Wilderculture – a hybrid of regenerative grazing and rewilding for the uplands.
Hosted by Wilderculture CIC.
We are offering the chance to take a socially distanced walk around an exciting new project on the shores of Ullswater in the Lake District.
In the UK uplands there has been a significant loss of biodiversity and a call from some to reduce or remove livestock – especially sheep – and instead adopt rewilding on these less productive areas. However, in the green and pleasant UK, environmentalists must be careful not to forget that the UK is part of the larger global ecosystem and what impacts the world will influence the long-term future of UK land.
Major factors that are influencing world agriculture are:
– Global agricultural land is rapidly diminishing, increasing the reliance on moister climates to sustain a hungry global population.
– Globally we are losing 10 tons of soil for every ton of food produced with the FAO stating we have less than 60 global harvests left.
– Over 75% of the Earth’s land area is already degraded, and over 90% could become degraded by 2050.
– Globally, a total area half of the size of the European Union (4.18 million km²) is degraded annually, with Africa and Asia being the most affected.
Any large scale moves to remove upland areas from food production could have serious repercussions in the future for humanity as a whole.
Although the uplands are marginal in agricultural terms producing a small volume of calories and protein when compared to arable crops, the nutrient density of the meat produced is higher than any other food – a hugely important factor in creating truly sustainable nutrition security.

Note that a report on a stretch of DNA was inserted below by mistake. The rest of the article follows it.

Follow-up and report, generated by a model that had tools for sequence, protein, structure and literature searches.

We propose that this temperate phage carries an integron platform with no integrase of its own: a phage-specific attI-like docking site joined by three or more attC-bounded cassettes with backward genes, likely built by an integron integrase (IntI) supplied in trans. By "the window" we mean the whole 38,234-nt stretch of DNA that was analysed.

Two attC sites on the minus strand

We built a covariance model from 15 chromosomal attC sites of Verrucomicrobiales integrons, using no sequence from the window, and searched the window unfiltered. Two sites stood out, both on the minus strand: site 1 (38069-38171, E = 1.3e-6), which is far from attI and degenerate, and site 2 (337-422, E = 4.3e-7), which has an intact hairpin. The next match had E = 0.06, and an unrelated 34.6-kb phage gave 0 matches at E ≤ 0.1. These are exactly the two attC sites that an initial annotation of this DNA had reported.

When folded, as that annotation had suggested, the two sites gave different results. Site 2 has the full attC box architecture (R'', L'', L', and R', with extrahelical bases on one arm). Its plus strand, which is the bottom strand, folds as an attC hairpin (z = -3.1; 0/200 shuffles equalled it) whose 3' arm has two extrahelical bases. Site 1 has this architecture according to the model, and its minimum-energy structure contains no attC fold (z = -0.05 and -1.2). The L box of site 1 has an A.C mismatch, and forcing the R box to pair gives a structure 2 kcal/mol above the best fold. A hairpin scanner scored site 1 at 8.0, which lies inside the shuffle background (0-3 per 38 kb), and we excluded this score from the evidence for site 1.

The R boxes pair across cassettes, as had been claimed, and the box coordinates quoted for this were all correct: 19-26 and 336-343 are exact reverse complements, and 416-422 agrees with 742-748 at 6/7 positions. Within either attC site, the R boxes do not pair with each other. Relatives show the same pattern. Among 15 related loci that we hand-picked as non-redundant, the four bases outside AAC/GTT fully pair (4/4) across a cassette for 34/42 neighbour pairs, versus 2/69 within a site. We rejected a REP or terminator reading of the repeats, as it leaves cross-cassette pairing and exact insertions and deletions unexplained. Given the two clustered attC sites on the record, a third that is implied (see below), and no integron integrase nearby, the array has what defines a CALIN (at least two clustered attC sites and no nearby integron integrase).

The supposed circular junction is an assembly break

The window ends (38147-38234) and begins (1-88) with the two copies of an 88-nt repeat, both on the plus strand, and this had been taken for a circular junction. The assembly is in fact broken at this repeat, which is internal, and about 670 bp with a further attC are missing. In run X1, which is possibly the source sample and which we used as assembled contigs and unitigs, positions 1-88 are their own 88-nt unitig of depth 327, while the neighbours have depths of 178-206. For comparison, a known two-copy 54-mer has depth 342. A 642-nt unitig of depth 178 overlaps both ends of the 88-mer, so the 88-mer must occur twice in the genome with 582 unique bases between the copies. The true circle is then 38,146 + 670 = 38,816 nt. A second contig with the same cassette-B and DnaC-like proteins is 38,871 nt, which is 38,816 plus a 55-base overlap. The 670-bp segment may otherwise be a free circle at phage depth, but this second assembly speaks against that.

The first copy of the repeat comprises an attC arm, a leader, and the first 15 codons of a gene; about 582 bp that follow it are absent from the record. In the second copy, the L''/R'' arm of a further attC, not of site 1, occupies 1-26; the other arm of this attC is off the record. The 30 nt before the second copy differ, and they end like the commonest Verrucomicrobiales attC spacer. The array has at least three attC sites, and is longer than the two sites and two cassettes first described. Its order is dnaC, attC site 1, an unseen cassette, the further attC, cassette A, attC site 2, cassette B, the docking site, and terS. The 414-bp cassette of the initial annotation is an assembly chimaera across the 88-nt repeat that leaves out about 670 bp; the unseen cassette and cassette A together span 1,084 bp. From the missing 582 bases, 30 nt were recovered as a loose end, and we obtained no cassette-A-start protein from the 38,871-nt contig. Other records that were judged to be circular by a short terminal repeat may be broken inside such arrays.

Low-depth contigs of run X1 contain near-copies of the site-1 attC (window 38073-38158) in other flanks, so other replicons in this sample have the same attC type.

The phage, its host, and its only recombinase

As we see intensification of food production on our depleted arable land and a shift in diets towards nutrient poor grain-based food, ensuring we have a sustainable supply of nutrient rich healthy foods from land that is unsuitable for plant food production is essential.
How we graze and manage livestock however cannot continue as ‘business as usual’ with further soil and biodiversity loss.
Regenerative farming has an impressive record for turning degraded land into healthy ecosystems that can also produce food over millions of acres globally, but so far there has been no trials of how this could be applied in the UK uplands at scale. Through Wilderculture CIC and our partnership projects we are refining and developing models which combine rewinding and regenerative grazing and are designed to be ecologically restorative, economically viable and culturally appropriate.
The Wilder Gowbarrow project guided walk is an exciting opportunity to see one of the projects in action and find our more about our approach.
Walks will have limited numbers, require social distancing and need to be pre-booked. They will leave at 10am, 12noon and 2pm.
Caroline Grindrod is a regenerative agriculture consultant and an accredited professional in Holistic Management with a background in hill farming and environmental conservation.
Caroline co-founded Wilderculture and is the lead trainer, project manager and developer of the Wilderculture approach.